• History of Present Illness: A 39 year-old woman who sustained major traumatic injuries presents for outpatient follow-up complaining of severe persistent midthoracic pain. She was struck by a falling tree while jogging three months prior, and suffered a pneumothorax, pulmonary contusions, fractures of the left lower extremity, and thoracic spine fractures. MRI and CT scans at that time revealed fractures of T8 and T9 [Figures 1(a) and (b) below], and she was treated in a rigid TLSO. She was subsequently discharged into an inpatient rehabilitation setting. Currently, she denies any new motor or sensory changes, nor bowel or bladder problems.

    Past Medical, Social, and Family History: She reports no significant past medical or surgical history. She currently is not taking any medications and is a non-smoker. She also denies a personal or family history of cancer.

    Physical Examination: Physical exam noted intact motor exam in all four extremities with 5/5 strength, with sensory exam intact to light touch and pin prick. Deep tendon reflexes were 3+ and symmetric. Rectal tone was normal.

    Radiological Studies: She underwent further X-ray, CT and MRI studies of the thoracic spine [Figures 2(a), (b), and (c) below]. There evidence of osteopenia noted on the X-ray, and follow-up bone mineral density scan reveal a T-score of -1.6.

    Figure 1a.

    Figure 1b.

    Figure 2a.

    Figure 2b.

    Figure 2c.

    1. The initial management of the thoracic spine fractures [Figures 1(a) and (b)] would be:

    2. Initial surgical interventions of the thoracic spine fractures [Figures 1(a) and (b)] would be:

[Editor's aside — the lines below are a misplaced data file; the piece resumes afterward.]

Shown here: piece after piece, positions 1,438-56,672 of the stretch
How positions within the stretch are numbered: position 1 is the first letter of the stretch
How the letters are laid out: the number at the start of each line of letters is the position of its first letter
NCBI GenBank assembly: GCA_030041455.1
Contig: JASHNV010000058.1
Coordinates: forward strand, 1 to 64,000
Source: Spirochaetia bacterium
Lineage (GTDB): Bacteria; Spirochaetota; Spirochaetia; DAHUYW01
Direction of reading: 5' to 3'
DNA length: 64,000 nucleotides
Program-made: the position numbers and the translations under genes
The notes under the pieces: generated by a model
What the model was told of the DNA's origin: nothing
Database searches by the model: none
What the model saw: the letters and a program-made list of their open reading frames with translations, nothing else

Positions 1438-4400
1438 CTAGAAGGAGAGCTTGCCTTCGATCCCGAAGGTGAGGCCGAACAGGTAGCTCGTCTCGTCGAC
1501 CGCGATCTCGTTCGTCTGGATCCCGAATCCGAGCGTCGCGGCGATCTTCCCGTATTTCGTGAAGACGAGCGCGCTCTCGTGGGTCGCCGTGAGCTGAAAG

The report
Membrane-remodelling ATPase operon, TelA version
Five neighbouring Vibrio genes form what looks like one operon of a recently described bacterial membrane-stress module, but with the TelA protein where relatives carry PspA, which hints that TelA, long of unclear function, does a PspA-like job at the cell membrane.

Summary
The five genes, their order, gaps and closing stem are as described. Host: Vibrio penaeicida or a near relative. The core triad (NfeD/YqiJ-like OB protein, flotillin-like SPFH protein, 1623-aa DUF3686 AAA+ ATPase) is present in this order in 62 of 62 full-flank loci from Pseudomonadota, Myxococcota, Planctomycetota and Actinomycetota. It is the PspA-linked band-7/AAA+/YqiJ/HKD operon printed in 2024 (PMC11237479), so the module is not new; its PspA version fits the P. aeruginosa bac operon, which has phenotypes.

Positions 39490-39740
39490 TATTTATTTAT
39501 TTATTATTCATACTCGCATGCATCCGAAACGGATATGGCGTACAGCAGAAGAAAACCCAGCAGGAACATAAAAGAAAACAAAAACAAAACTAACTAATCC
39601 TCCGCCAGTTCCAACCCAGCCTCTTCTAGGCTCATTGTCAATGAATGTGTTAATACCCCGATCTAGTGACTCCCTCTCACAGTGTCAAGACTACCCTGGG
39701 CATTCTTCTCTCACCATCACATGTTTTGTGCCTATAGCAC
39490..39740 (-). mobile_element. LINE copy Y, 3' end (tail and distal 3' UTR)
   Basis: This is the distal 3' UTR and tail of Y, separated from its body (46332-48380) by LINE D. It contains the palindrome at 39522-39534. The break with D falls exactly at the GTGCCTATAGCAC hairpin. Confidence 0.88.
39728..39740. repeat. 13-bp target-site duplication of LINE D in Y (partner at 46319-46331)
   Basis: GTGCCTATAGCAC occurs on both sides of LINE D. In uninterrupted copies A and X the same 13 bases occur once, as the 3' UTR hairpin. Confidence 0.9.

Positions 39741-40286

3. Timing of surgical intervention for the initial spine fractures [Figures 1(a) and (b)]:

    4. Current management of the thoracic spine fractures [Figures 2(a), (b), and (c)] would be:

    5. Current surgical interventions of the thoracic spine fractures [Figures 2(a), (b), and (c)] would be:

    6. Timing of surgical intervention for the current spine fractures [Figures 2(a), (b), and (c)]:

    7. Should her osteopenia be treated prior to surgery?

    8. Please provide any comments or suggestions regarding management of this case>

    surgerical stablization

    CT scan axial plane at the fracture level and bone densitometry

    Patient should undergo a lateral corpectomy with an expandable titanium cage such as Vertespan supplemented with Antares or Vantage vertebral body screw/plate.

    dear collegues: I think in first imaging we had a compression wedge fx With posterir element injuries, that disruption of bony and ligamentous element and there was an indication for surgical stabilization.

    dear collegues: I think in first imaging we had a compression wedge fx With posterior element injuries, that disruption of bony and ligamentous element and there was an indication for surgical stabilization.

    Interesting point in figures1 is a extraordinary kyphosis that is not match with the fractures' shape.And I'm curious about history of new accidet!Anterior Stabilization with strut and fixation.

    it would be helpful to see T2 sagittal and axial images to assess canal compromise and ligamentous injury. it may be useful to see and extension film to see how much or her kyphosis reduces. although her osteopenia will factor on the fusion and quality of purchase with the instrumentation, i am not sure if waiting for her treatment is the correct thing. I am more concerned about the obvious progression and early myelopathy if her reflexes are pathological(??babinski/clonus present??

    Interesting case which brings in management issue of osteopenia, medical, surgical (standard and minmally invasive aproaches)

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